things there be, which they have received to hold, washings of
cups, and pots, and brazen vessels." Now Leviticus does give
many such rules, but it can be clearly seen that most of them
are for hygienic reasons: to prevent the spread of leprosy, and
consumption, and other infections. But in the centuries after
Moshe had given them they had become sacrosanct, and were seen
as God's commandments, with all the force of moral law.
Yeshua's retort is the harshest yet towards his legalistic
opponents; he cites some of their own practices, and he
quotes from the book of Isaiah in condemnation of them:
Why do you also break God's commandment?
For God said on Mount Sinai, Honor your father and mother;
and, Anyone that curses their father or mother
shall be put to death.
But you all say, If a man say to his father
or mother, Whatever money I have by which I might take care
of you, is consecrated to God, then he does not have
to take care of his father and mother.
And this is your way of getting around
God's commandment to honor your parents.
And many such like things you do.
Well did Isaiah prophesy of you, as it is written:
This people honors me with their lips,
But their heart is far from me;
Falsely do they worship me,
Teaching as their doctrines the precepts of men.
After this scathing criticism of the Pharisees themselves,
he turns to the crowds and calls out:
Hear me all of you, and understand:
there is nothing going into a man from the outside
which can defile him, or make him unclean;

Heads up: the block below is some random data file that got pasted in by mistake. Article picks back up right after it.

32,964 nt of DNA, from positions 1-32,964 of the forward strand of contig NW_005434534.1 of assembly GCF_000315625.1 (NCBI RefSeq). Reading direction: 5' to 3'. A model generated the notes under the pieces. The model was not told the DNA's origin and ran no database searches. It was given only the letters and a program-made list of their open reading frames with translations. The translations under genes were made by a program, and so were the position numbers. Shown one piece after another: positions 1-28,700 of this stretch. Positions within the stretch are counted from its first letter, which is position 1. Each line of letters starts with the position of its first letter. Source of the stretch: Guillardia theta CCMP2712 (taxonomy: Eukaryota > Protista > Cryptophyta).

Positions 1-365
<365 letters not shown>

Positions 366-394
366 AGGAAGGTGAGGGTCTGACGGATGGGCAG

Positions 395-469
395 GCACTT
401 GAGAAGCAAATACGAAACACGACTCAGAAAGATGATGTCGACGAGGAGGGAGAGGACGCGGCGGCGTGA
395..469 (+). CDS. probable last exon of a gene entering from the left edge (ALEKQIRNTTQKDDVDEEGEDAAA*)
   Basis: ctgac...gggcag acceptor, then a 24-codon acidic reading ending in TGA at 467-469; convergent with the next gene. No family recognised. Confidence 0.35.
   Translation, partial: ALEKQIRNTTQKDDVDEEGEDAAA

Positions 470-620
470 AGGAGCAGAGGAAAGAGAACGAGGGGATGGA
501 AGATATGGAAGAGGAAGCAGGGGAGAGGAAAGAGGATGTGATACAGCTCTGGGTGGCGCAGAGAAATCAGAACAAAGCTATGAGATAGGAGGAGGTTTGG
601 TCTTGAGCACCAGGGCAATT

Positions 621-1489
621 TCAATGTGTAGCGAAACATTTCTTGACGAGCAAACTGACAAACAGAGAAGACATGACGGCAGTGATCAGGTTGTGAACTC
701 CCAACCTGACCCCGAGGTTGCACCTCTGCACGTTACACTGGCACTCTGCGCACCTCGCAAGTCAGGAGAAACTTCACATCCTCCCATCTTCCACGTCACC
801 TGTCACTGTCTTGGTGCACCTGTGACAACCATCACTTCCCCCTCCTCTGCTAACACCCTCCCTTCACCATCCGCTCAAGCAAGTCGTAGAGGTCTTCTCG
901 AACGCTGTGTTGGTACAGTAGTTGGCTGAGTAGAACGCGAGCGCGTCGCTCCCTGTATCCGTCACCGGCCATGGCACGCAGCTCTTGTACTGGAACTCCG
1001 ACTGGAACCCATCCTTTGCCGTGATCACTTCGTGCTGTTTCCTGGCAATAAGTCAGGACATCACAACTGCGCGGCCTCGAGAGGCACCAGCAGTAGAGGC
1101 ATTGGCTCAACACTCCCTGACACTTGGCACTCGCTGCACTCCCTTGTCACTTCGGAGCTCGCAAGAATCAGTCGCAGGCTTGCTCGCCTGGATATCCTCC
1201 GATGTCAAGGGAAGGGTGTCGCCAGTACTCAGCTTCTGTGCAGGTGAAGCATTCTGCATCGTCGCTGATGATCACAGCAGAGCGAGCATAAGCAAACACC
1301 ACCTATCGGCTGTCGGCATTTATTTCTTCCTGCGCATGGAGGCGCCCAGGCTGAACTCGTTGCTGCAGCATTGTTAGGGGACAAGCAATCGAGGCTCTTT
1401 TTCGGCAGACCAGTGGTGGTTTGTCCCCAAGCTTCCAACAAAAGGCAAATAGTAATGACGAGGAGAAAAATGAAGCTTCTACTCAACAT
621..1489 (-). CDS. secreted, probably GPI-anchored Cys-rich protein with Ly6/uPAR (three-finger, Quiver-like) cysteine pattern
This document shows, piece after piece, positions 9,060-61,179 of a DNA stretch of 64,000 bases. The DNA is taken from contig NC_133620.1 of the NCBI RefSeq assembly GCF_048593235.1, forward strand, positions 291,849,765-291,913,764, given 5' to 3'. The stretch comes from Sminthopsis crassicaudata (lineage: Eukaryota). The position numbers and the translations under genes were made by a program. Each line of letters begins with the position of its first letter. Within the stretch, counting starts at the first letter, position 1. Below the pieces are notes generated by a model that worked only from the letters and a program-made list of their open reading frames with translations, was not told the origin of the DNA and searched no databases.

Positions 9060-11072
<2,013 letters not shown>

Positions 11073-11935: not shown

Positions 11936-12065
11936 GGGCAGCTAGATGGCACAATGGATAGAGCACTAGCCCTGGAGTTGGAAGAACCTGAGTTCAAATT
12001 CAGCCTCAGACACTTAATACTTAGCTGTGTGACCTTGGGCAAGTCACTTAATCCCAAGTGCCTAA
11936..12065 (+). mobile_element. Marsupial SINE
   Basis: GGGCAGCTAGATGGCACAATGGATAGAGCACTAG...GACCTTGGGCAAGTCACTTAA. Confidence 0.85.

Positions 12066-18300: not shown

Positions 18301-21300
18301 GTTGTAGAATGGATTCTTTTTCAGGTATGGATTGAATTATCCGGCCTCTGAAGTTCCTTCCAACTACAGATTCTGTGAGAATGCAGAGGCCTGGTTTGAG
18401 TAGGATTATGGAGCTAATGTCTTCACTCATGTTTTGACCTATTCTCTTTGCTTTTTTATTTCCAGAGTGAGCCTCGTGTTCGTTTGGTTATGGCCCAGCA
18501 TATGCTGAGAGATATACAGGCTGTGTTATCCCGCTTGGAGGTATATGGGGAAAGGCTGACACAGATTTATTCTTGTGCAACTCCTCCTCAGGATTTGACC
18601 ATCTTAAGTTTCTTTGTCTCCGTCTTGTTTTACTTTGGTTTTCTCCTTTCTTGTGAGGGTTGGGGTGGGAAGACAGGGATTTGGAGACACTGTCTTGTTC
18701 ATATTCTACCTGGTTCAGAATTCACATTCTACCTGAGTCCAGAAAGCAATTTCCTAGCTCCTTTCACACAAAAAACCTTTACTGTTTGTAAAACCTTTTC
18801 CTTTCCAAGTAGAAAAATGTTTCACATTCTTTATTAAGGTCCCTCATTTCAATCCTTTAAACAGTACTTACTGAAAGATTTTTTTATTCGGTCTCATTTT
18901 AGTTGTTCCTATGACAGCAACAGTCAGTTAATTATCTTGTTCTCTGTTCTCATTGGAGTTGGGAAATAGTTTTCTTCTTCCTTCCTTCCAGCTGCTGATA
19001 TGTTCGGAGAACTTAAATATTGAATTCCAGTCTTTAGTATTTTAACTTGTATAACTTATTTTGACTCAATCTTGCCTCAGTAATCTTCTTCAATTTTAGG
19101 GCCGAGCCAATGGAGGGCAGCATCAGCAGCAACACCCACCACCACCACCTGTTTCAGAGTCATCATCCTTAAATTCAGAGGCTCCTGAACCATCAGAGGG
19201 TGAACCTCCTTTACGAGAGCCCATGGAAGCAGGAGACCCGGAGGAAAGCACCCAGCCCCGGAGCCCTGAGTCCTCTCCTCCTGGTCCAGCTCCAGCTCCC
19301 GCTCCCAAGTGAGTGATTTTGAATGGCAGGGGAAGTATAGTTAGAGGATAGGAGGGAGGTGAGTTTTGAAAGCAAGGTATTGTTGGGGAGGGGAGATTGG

but the things which come out of a man are those
which can defile him.
Matthew reports him as also saying further,
I say unto you, that every idle word that men shall speak,
they must give account of before God.
For by your words you shall be justified,
and by your words you shall be condemned.
This is similar to the teaching in the Great Sermon about
bringing forth good treasure out of a good heart, and evil
treasure out of an evil heart.
His caustic answer shocked even his disciples, and they
came to Yeshua and asked him if he realized how much he
had offended and angered the Pharisees. Yeshua replied
with one of his most ironic thrusts, which must have drawn a
laugh from the crowd:
Let them alone; they are blind guides.
And if the blind lead the blind,
they shall both just fall into a pit.
He delivers one more sarcastic barb against the Pharisees:
For them it is easier for heaven and earth to pass away,
than it is for one dot on an "i" or cross on a "t"
of the law to pass away.
This did not entirely reassure the disciples, however; Simon
came and asked him again to please explain what he meant.
Yeshua asked him,
Don't you understand either? Don't you see
that whatever you eat cannot defile you,
for it does not go into your heart, but into your stomach,
and passes through your digestive system and out?
But that which comes out of your mouth;
comes from your heart, and that is what will defile you: